Conveyancing Searches: A Responsibility of the Property Buyer

Law Blog

Conveyancing searches are very important as far as property purchase is concerned. They simply help buyers know aspects about the property that they would otherwise have not known from physical inspection. Conveyancing solicitors or lawyers often carry out a number of property searches on behalf of their clients during property purchase. The local authority search is one of the most fundamental conveyancing searches. The overall objective of a local authority search is to disclose any legal restrictions as well as responsibilities that may pertain to a piece of land or property in question. Read on to find what a local authority search entails.

What a local authority search can reveal

The search can disclose planning permissions and restrictions, which specify regulations on development control. It specifies what may and may not be constructed in the property and minimum construction standards. Furthermore, the search may also disclose any future development plans that may affect the piece of land in the future. For instance, plans to construct a new road or railway system adjacent to the property. Knowing this piece of information earlier in advance can help a potential buyer make an informed decision.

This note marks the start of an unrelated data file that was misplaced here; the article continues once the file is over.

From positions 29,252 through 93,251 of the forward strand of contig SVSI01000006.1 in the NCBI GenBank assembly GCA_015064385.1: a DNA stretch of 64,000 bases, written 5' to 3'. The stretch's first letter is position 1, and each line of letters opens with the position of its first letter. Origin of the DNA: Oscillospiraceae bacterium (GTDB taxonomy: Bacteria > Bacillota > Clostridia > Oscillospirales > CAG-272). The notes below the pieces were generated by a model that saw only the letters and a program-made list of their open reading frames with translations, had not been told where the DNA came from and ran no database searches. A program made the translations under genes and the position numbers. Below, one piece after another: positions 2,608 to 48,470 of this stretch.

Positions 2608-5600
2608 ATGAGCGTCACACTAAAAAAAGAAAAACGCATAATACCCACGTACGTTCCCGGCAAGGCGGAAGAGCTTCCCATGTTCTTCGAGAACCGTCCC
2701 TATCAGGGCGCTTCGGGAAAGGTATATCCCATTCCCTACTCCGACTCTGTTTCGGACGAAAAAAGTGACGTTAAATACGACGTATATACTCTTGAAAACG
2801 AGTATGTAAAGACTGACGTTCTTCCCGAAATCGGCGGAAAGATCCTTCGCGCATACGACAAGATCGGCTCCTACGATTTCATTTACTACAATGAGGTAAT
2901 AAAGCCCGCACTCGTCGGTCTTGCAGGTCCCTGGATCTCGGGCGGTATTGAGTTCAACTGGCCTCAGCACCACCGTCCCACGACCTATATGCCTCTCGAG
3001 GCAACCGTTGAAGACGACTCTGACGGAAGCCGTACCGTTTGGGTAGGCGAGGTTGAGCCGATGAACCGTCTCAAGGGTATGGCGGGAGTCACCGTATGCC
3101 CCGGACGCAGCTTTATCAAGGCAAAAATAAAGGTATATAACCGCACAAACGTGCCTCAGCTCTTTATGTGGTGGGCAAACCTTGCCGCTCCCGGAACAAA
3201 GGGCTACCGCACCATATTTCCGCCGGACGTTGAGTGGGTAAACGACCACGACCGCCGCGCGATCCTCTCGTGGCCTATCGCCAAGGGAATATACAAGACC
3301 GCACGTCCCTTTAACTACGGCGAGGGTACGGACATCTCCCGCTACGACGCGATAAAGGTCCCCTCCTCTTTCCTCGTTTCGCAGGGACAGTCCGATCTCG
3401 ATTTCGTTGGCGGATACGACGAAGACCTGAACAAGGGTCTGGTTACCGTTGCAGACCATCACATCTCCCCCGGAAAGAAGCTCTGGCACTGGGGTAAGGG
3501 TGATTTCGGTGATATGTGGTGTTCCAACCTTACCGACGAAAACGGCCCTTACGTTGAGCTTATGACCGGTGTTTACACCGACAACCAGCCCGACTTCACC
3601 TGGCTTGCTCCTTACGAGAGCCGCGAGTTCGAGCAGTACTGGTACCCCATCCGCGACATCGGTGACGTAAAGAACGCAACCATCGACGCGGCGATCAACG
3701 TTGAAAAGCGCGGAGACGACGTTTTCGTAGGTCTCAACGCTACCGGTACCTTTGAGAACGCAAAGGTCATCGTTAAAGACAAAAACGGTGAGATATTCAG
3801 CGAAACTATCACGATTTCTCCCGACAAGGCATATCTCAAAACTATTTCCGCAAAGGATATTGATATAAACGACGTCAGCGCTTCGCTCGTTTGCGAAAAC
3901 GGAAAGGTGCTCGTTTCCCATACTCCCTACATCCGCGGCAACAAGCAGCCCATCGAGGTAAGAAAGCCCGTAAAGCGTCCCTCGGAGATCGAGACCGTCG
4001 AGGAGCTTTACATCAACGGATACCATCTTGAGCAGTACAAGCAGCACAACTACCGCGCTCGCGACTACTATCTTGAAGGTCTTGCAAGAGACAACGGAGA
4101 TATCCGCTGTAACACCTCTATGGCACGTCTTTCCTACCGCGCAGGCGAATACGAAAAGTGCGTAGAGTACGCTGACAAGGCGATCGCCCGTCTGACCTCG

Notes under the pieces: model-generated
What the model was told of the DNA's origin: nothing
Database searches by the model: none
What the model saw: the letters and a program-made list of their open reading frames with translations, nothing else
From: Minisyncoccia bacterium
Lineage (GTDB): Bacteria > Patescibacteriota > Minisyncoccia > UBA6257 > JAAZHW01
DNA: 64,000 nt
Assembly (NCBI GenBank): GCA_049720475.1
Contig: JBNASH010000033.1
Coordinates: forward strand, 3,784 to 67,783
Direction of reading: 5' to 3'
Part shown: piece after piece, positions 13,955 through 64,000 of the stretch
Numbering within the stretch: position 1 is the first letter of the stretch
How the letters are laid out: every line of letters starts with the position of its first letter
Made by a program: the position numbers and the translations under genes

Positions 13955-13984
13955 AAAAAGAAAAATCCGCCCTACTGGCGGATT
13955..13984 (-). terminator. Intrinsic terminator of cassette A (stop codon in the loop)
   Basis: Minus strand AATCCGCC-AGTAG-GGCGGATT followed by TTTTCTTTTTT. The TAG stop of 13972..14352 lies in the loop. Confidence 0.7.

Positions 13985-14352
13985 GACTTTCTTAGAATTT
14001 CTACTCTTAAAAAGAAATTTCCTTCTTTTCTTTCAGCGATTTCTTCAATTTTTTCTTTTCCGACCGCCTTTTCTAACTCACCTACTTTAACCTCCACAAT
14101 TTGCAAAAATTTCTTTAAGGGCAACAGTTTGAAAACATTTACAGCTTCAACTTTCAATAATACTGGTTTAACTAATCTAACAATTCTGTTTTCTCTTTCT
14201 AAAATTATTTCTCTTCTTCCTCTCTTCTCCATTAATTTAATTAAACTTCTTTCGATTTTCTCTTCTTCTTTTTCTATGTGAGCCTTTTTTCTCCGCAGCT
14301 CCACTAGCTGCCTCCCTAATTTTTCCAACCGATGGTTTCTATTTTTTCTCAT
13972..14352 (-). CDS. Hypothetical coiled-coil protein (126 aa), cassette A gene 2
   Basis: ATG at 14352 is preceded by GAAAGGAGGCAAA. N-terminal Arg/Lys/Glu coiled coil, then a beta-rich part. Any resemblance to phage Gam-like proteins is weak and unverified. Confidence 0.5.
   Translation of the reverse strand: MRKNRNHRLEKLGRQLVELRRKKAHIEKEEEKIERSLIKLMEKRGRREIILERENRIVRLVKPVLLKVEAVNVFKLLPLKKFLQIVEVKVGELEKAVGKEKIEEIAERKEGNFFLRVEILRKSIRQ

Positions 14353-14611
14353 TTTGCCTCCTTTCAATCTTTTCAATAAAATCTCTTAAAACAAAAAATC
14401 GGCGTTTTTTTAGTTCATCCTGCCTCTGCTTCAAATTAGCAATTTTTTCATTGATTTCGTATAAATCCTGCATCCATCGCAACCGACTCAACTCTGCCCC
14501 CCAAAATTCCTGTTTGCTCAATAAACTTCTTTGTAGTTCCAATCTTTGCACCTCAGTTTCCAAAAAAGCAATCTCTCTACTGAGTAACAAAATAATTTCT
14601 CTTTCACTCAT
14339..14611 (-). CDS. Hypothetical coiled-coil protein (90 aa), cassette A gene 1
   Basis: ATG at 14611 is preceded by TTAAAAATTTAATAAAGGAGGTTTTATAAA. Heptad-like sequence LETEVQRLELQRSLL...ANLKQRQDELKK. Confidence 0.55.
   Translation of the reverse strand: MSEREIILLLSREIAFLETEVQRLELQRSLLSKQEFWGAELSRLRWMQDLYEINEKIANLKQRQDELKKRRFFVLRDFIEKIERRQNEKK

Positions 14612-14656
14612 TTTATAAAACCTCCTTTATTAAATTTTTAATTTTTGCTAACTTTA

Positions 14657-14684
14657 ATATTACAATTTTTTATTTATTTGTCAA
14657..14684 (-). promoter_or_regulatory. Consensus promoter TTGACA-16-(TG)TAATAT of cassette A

Secondly, the search may reveal responsibilities or obligations that pertain to the owners of the land. Take the example of a roadway or footpath; its preservation and routine maintenance may fall squarely on the shoulders of leaseholders or landowners, not the local council. Basically, this helps to clearly outline if the local council is accountable for the maintenance costs or if the footpaths and roadways are private and thus maintenance expenses lie with the owners of the property.

Thirdly, the search may disclose any land charges against the parcel of land or property that would be particularly binding to successive occupiers or landowners, such as payment owing to the local council resulting from work they have previously carried out such as tree preservation and conservation areas.

Why the need?

Basically, it's important in every property conveyancing purchase in order to steer clear of any nasty disclosures after moving into the new house. At one end of the scale, you may use the information gathered from a local authority search to renegotiate a cost reduction, and alternatively, you may opt to pull out of the acquisition altogether. Moreover, if you are purchasing the property with the help of a mortgage, it's a stipulation of the lender that you carry out up-to-date and official searches on the land or property.


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